Lucanio, Patrick 1949-
LUCANIO, Patrick 1949-
Surname pronounced "Lu-CAN-io"; born April 9, 1949, in Dallas, TX; son of Ralph J. and Patricia C. (Erickson) Lucanio; married Barbara K. Crowell, December 26, 1977; children: Christopher L., Elizabeth D. Lucanio Mayfield. Ethnicity: "White." Education: Western Oregon University, B.S., 1972, M.A.T., 1977; University of Oregon, M.S., 1980, Ph. D., 1983. Hobbies and other interests: Film, playwriting, radio drama, graphic design.
Home—1097 Janus St., Springfield, OR 97477-3531; fax: 541-726-3017. Office—Humanities Program, Western Oregon University, Monmouth, OR 97361. E-mail—[email protected]
Capital Journal (now Statesman-Journal), Salem, OR, news correspondent, 1971-72; high school teacher of English, speech, theater arts, and journalism, Willamina, OR, 1972-78; Western Oregon University, Monmouth, adjunct assistant professor of humanities, 1988—, director of student media and director of campus interview program Dialog, broadcast by WSTV-Television, 1998-2000. University of Oregon, visiting instructor, 1981, visiting assistant professor, 1983, 1985, 1989. Director of stage plays; producer of short films; producer, director, and editor of videotapes; and member of production team for radio presentations; also production editor of local periodicals. Springfield Police Planning Task Force, vice chair, 1994-98, chair, 1998—; Springfield special citizens advisory committee, member, 2000.
President's Award, Society to Preserve and Encourage Radio Drama, Comedy, and Variety, 2002.
Them or Us: Archetypal Interpretations of Fifties Alien Invasion Films, Indiana University Press (Bloomington, IN), 1988.
With Fire and Sword: Italian Spectacles on American Screens, 1958-1968, Scarecrow Press (Metuchen, NJ), 1994.
(With Gary Coville) American Science-Fiction Television Series of the 1950s: Episode Guides and Casts and Credits for Twenty Shows, McFarland and Co. (Jefferson, NC), 1998.
(With Gary Coville) Jack the Ripper: His Life and Crimes in Popular Entertainment, McFarland and Co. (Jefferson, NC), 1999.
(With Gary Coville) Smokin' Rocket: The Romance of Technology in American Film, Radio, and Television, 1945-1962, McFarland and Co. (Jefferson, NC), 2002.
Contributor to periodicals, including Remember, Film-fax, and Antique Week. Editor-in-chief, Radiogram, 1999—.
(And director) Tales from beyond the Crypt, produced in Willamina, OR, at Willamina High School, 1973.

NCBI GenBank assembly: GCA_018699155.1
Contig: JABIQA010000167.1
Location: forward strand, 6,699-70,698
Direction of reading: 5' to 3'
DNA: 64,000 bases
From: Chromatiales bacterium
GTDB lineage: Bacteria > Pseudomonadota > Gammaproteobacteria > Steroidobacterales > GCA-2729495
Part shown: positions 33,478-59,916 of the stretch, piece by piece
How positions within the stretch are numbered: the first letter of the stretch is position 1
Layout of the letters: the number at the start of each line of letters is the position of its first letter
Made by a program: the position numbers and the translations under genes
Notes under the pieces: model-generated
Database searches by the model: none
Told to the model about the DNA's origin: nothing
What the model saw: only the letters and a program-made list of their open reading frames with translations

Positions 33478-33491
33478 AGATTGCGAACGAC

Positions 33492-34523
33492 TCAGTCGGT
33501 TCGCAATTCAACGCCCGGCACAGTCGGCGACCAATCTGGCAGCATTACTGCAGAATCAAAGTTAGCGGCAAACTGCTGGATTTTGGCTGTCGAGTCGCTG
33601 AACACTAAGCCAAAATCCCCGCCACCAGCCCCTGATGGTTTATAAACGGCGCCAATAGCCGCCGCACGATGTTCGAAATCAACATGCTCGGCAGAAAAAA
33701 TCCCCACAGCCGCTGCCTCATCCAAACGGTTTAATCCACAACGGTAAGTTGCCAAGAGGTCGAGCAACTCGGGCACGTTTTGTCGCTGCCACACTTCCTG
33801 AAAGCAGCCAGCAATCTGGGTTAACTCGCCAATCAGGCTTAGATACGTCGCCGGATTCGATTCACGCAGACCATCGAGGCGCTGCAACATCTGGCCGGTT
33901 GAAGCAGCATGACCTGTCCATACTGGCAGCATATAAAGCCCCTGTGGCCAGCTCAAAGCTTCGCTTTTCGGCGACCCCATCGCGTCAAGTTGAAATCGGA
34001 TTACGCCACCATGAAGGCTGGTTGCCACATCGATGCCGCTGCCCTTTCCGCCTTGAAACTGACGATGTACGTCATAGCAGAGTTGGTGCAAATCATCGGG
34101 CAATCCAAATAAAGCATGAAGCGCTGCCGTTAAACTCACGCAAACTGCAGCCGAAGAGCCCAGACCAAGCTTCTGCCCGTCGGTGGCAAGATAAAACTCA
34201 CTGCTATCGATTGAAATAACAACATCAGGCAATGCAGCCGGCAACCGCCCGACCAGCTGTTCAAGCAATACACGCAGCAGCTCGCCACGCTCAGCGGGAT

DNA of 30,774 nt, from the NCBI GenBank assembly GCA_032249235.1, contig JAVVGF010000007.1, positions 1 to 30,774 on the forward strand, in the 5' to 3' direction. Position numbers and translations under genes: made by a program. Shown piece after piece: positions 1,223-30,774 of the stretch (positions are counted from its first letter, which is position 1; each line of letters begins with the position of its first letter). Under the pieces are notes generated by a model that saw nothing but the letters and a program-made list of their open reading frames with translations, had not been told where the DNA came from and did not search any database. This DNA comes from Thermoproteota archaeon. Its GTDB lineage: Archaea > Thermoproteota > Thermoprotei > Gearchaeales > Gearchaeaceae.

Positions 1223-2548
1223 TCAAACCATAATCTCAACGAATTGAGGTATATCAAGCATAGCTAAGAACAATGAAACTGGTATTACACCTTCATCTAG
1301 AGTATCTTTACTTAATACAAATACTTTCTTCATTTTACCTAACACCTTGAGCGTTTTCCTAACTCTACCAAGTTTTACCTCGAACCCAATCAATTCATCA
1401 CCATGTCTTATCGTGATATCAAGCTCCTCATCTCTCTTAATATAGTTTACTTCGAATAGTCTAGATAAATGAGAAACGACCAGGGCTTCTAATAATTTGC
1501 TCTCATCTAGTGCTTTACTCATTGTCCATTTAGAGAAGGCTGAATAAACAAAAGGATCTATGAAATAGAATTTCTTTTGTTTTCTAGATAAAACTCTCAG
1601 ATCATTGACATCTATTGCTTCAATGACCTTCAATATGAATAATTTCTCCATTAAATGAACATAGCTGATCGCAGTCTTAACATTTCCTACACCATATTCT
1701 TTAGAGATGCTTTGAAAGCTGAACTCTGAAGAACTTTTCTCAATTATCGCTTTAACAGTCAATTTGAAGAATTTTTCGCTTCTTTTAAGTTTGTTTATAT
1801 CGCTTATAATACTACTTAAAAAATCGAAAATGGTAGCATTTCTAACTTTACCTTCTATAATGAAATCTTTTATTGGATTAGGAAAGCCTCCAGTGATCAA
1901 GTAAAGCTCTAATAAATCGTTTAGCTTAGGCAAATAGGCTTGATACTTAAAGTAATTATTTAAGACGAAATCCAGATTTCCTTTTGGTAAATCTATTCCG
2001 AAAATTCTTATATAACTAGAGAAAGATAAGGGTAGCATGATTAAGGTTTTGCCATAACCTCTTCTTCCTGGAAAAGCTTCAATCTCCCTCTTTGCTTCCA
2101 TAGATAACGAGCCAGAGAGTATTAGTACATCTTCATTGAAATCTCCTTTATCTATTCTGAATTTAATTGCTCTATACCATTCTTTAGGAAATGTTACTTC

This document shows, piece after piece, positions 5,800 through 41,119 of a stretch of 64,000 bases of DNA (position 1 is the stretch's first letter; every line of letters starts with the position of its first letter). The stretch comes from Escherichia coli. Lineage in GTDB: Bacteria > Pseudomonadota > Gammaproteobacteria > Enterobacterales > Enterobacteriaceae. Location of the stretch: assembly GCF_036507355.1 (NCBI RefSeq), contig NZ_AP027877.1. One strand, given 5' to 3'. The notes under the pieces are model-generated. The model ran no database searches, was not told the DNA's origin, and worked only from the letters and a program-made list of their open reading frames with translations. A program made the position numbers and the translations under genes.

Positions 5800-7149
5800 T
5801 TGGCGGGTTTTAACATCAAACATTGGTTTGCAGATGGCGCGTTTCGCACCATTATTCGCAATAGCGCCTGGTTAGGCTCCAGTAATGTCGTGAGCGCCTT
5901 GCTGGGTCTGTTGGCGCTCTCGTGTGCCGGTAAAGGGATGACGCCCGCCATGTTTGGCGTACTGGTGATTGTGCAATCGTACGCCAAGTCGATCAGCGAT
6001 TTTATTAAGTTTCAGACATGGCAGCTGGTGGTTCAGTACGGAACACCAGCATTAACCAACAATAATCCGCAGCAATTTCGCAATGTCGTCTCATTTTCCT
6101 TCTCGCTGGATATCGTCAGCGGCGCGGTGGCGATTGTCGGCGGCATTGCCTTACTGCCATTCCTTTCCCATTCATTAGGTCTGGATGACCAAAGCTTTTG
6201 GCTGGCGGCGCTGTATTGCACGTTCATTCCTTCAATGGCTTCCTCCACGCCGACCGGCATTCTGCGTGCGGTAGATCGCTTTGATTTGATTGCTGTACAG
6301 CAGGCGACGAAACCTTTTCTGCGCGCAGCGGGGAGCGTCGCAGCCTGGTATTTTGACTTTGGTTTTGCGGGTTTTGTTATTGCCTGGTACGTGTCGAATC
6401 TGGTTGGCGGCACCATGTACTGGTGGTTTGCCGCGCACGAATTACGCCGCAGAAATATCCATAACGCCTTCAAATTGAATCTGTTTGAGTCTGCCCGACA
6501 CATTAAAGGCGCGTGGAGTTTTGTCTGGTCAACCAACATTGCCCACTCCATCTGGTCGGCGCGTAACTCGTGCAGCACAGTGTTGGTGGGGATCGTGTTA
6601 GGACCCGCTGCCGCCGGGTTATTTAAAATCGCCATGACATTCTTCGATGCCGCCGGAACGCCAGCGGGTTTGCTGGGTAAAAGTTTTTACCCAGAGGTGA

(With Gerald Paine) The Son of the Sound of Hollywood; or, I Was a Teenage Oscar, produced in Willamina, OR, at Willamina High School, 1974.
(And director) Radio Ramble, produced in Willamina, OR, at Willamina High School, 1974.
(With Gary Coville; and director) The Mystery of the Thirteenth Guest, produced in Willamina, OR, at Willamina High School, 1974.
(And director) Carry On, Kate, produced in Willamina, OR, at Willamina High School, 1975.
(With Gary Coville; and director) The Restless Hours, produced in Willamina, OR, at Willamina High School, 1975.
(With Gerald Paine) The Sound of '76, produced in Willamina, OR, at Willamina High School, 1976.
(And director) Dracula (based on the novel by Bram Stoker), produced in Willamina, OR, at Willamina High School, 1977.
(And director) The Wonderful Wizard of Oz (based on the novel by L. Frank Baum), produced in Willamina, OR, at Willamina High School, 1977.
(And director) A Christmas Carol, produced by Radio-Active Players, in Springfield, OR, at Springfield Free Methodist Church, 1998.
Author and director of shorter works produced by RadioActive Players in Springfield, OR, including Pontius Pilate, 1986; The Tomb, 1987; The Way to the Sun, 1988; and A Remembrance of Christmas Past, 1993.
WORK IN PROGRESS:
A history of anti-communist films, television programs, and radio programs in the 1950s; research on film history prior to 1970 and on the television and radio offerings of the 1950s.
Patrick Lucanio told CA: "I enjoy writing for the sake of writing. I like language and how language works. I enjoy exploring the value of language as it imparts both fiction and nonfiction images. As one who appreciates literary theory and criticism, I am also always aware of the importance of metaphor.
"I have a great interest in diverse subjects but, as my writing shows, I am especially interested in 1950s American culture. With my colleague, Gary Coville, a research librarian and historian, I have been able to collaborate on numerous subjects relative to the American popular entertainment of the 1950s. Since I enjoy learning about my subject matter, I naturally wish to extend that joy to others of similar mind.
"Since writing is my second job, I do not have a regimen as a writing process. I write when I can. I spend a lot of time in research, always seeking primary sources, and once I'm satisfied with my research I begin free-writing, often writing an entire article or book chapter in one sitting. Once the initial draft is done, the actual process of writing begins. A good writer must be a critical reader of his own work. I believe a good writer, then, is more of an editor than merely an individual who drops words on pages. The real task is to intelligently rearrange words, phrases, and sentences into a coherent and meaningful whole."
BIOGRAPHICAL AND CRITICAL SOURCES:
Booklist, October 1, 1998, review of American Science-Fiction Television Series of the 1950s: Episode Guides and Casts and Credits for Twenty Shows, p. 354; April 15, 2000, John Doherty, review of American Science Fiction Television Series of the 1950s, p. 1572.
Collecting Hollywood, October-November, 1994, J. J. Johnson, interview with Lucanio.